Grinding wheat. images.travelpod.com
…Conversion calls for a number of attitudes which together foster a spirit of generous care, full of tenderness. First, it entails gratitude and gratuitousness, a recognition that the world is God’s loving gift, and that we are called quietly to imitate his generosity in self-sacrifice and good works: “Do not let your left hand know what your right hand is doing… and your Father who sees in secret will reward you” (Mt 6:3-4). It also entails a loving awareness that we are not disconnected from the rest of creatures, but joined in a splendid universal communion. As believers, we do not look at the world from without but from within, conscious of the bonds with which the Father has linked us to all beings. By developing our individual, God-given capacities, an ecological conversion can inspire us to greater creativity and enthusiasm in resolving the world’s problems and in offering ourselves to God “as a living sacrifice, holy and acceptable” (Rom 12:1). At the end, we will find ourselves face to face with the infinite beauty of God (cf. 1 Cor 13:12), and be able to read with admiration and happiness the mystery of the universe, which with us will share in unending plenitude. Even now we are journeying towards the sabbath of eternity, the new Jerusalem, towards our common home in heaven. Jesus says: “I make all things new” (Rev 21:5). Eternal life will be a shared experience of awe, in which each creature, resplendently transfigured, will take its rightful place and have something to give those poor men and women who will have been liberated once and for all. — Laudato Si
That paragraph sent me into a lengthy lectio reflection on a subject dear to my theological heart: the earthly character of the lay vocation. Why? Because it reminds us that the Christian vision of salvation is not simply “of souls,” but of bodies that inextricably link us to a vast universe that “waits with eager longing for the revealing of the children of God” (Romans 8:19).
The below text was excerpted from an email I sent last year to a student who asked me about how the world-focused character of the lay vocation can truly be considered “spiritual.” The email was written in haste, is informal and untidy, but most of what I write — and my life! — is like that anyway.
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…You say, “it seems to me that the spiritual world is our real destiny, so a vocation that makes worldly stuff the focus just makes an obstacle to getting where we’re supposed to be putting our hearts’ focus — right? We’re aiming for heaven and not earth, aren’t we?”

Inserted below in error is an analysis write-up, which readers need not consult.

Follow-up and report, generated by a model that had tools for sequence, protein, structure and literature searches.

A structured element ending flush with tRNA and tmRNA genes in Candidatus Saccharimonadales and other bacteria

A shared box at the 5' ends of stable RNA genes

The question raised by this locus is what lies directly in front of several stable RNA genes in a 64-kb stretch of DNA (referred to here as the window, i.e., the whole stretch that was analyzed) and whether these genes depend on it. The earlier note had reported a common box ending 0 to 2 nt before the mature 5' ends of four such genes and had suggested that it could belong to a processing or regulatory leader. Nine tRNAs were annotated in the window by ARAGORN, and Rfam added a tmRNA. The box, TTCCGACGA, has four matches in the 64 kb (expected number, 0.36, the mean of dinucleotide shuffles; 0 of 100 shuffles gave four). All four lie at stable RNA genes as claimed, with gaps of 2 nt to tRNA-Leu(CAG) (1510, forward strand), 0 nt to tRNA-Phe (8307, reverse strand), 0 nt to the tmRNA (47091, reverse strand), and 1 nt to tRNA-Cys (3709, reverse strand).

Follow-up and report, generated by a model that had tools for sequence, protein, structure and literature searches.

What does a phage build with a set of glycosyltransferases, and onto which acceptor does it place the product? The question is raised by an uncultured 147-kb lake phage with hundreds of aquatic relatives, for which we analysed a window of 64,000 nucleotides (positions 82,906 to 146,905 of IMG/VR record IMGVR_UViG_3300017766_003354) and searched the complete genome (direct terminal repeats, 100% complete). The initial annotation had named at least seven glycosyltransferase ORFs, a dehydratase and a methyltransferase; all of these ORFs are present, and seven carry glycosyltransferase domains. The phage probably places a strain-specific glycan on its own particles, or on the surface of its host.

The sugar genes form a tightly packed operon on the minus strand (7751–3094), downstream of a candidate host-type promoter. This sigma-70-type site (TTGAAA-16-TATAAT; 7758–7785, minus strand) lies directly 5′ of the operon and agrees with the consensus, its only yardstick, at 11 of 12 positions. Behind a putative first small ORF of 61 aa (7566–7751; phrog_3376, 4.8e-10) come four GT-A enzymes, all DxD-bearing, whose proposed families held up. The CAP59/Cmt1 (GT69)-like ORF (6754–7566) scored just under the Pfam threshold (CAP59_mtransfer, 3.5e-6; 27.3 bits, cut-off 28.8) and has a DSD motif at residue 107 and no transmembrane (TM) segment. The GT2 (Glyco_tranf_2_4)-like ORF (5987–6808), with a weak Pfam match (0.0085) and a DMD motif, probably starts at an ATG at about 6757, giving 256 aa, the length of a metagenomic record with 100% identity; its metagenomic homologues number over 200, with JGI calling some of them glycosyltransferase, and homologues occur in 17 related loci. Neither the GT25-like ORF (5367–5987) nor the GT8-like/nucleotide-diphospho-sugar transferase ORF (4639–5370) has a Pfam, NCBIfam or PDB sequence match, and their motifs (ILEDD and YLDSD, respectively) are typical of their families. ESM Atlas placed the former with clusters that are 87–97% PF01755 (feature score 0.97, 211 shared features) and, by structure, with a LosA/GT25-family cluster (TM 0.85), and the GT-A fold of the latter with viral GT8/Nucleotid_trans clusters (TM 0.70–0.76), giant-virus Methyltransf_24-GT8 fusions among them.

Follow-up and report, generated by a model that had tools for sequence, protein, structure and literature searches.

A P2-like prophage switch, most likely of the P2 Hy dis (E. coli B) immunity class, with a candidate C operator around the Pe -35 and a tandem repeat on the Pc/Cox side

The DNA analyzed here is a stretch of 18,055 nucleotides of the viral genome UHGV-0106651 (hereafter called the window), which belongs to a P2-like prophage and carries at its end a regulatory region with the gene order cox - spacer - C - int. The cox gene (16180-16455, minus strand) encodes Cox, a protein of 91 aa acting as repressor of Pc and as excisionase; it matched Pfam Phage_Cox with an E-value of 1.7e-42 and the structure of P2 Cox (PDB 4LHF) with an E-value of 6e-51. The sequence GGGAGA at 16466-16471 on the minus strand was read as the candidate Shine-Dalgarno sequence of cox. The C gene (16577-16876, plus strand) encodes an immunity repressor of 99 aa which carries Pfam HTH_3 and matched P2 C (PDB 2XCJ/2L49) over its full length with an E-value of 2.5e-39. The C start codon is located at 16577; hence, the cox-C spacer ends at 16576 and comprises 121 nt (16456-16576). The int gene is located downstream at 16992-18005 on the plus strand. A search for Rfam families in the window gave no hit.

…heaven, or “the new creation” as it’s called be St. Paul, isn’t simply a new and improved product God fashioned to supersede the old, obsolete version we screwed up. Rather, from the very beginning this “old” creation was destined to be fulfilled, perfected, transfigured, re-created in the Age to Come through us, priestly humanity created in Christ who came to make all things new (cf Ephesians 2:10; Revelation 21:5). And note, we say, “Behold, I make all things new,” and not, “Behold, I make all new things.” This is Jesus saying this, right? And those of us who are “in Christ” as His Body, and so what He does, we do with Him. If He makes all things new by His life, death and resurrection, we co-do. Our vocation as lay men and women — bound up tightly in temporal-worldly reality by God (Lumen Gentium 31) — is to consecrate this world to God by immersing ourselves in it like leaven kneaded into dough, by cultivating Eden according to the will of God, and by so doing to lift up the old creation into the new creation. Or as Gaudium et Spes 38 memorably says it, secular laity “make ready the material of the celestial realm by this ministry of theirs” (see also Gaudium et Spes 14). To so-love-the-world like God was really humanity’s orginal call in the beginning, but sin corrupted the process and made us not upward-offering priests but inward-turned idolaters. But God’s redeeming work in Jesus the Gardener (cf John 20:15), who reveals to us with His cross-plow the Way of cultivating creation aright, has restored to us our original vocation to co-create and co-redeem the garden of this world to ready it for the New Eden of Paradise (which btw in Greek, paradeisos, means “garden”).